I picture a clown on a unicycle, juggling and playing a kazoo.  While his friends are sneaking up to hit you in the head with a hammer and steal everything you have, down to your toejam, nose hairs, and fingernails.

IAmNotMark's picture

That's disturbing.  I hope no one ever steals my toejam and nose hair!

BlueStreet's picture


All together on three,

Let me count the ways how I hate this market 

It's like the gentle wiff of shit you smell at dawn

It's like that first sun that hits your wife's unattractive face

It's like that cloud that pisses rain all day telling us loudly

That it's gonna be another lousy day, another lousy day for us

No thank you, no thank you, no fuckin' thank you.


/ ode to Lennon (sorry, John - RIP)


youngman's picture

yes another summit..and then another...and then more talk on haircuts for any debts...Greece..who are they...nothing out of Geitners mouth....isn´t this where he usually says something stupid....very quiet on his meetings...that is because he is telling them the USA will dump trillions into the IMF....thru a back door of course...its just printed stuff anyway...but be quiet about it...and we have a is now 80% controlled by central banks and governments....we are living in wierd times

Alex Kintner's picture

And the world's largest debtor nation (the US) bailing out Europe via the IMF with IOUs. Oh the Poetic Absurdity.

BetterOffDead's picture

S&P is helping the Germans put the squeeze on other EU countries to give up their sovereignty ahead of Friday's meeting. It just might work.

AngryGerman's picture

When everybody is downgraded, doesn't that mean that the lower rating will be the top rating possible?

crisis solved

the 300000000th percent's picture

But i just dont understand how another "deal" will help their credit ratings, isint it "deals" that got them here in the first place. I see that maybe a "deal" might help to lower their bond interest rates in the short term but more obligation to debt will inevetably sink them in the long run. As Germany and France and every other Central bank and financial wannabe superhero(IMF) for that matter step up to try and create a debt equilibrium, there will be more downgrades, more than necessary. There is no way out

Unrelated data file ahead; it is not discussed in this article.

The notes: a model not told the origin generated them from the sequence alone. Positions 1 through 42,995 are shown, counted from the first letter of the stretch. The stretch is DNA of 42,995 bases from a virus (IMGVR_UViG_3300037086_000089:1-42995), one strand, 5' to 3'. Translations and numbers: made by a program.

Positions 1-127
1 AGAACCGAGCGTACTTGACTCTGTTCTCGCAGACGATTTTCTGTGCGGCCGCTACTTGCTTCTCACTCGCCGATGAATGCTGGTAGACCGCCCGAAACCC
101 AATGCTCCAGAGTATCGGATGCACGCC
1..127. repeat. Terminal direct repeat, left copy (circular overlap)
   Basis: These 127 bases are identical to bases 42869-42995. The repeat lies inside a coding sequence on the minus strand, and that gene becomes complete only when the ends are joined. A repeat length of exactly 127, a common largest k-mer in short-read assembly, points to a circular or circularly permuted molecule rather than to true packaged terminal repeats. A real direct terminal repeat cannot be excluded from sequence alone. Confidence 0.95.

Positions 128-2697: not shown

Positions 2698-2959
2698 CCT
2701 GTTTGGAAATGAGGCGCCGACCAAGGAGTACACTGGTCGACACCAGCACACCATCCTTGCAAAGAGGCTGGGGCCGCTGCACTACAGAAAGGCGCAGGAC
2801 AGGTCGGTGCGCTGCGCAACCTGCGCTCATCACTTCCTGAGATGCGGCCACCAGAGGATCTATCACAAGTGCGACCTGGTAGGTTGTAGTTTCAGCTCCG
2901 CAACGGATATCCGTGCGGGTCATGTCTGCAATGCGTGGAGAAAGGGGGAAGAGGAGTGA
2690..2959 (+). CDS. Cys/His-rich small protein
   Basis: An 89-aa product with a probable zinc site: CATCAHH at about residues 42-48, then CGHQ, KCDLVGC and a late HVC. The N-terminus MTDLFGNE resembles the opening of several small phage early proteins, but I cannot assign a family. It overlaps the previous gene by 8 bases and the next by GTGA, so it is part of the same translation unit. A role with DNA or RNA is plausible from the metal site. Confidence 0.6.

SevensGarlic's picture

Just kicking the can down the road and few weeks/months further, to give countries the chance to get even further in debt, more austerity to be impossed and more freedoms taken away. Word on the vine is legislation for europe similar to the tyrannical NDAA senate bill is to be presented before europe in the coming week. 

Expect rug to be pull out from Euro and US currencies in mid months of 2012 and elite to properly push for Iran-Israel (and proxy war ally conflict) to be delayed until later into 2012 to attempt to recreate (in their minds) what they perceive to be Gog-Magog battle to falsely fulfilled prophecy of various religions (Gog-Magog is not one between countries and occurs later on in the events timeline, that is why it is false), to aid in 'end game agenda' of bringing in their 'universal christ' 

Nothing To See Here's picture

Damn, and I was dumb enough to think that S&P were unexplicably and suddenly doing their job. Makes perfect sense now, thanks for the wake-up call.

HarryM's picture

Fits in perfect with the holiday season, S&P ( the ghost of Christmas future) shows Merkel ( The Scrooge) what's in store if she doesn't start goose stepping to a different tune.

glokk26L's picture

Saw a quote the other day that made me laugh.

"Remember when "Insane Clown Posse" was just the name of a music group and not the current group of elected officials?"

Will have to remember where that was.

Racer's picture

“invaluable” (it hurt to type that)


I bet it did in a BIG way!!

bahaar's picture

It puts added pressure on the countries to come to a “resolution” this weekend.  It is being viewed as increasing the likelihood of a deal since the countries all want to avoid the downgrade.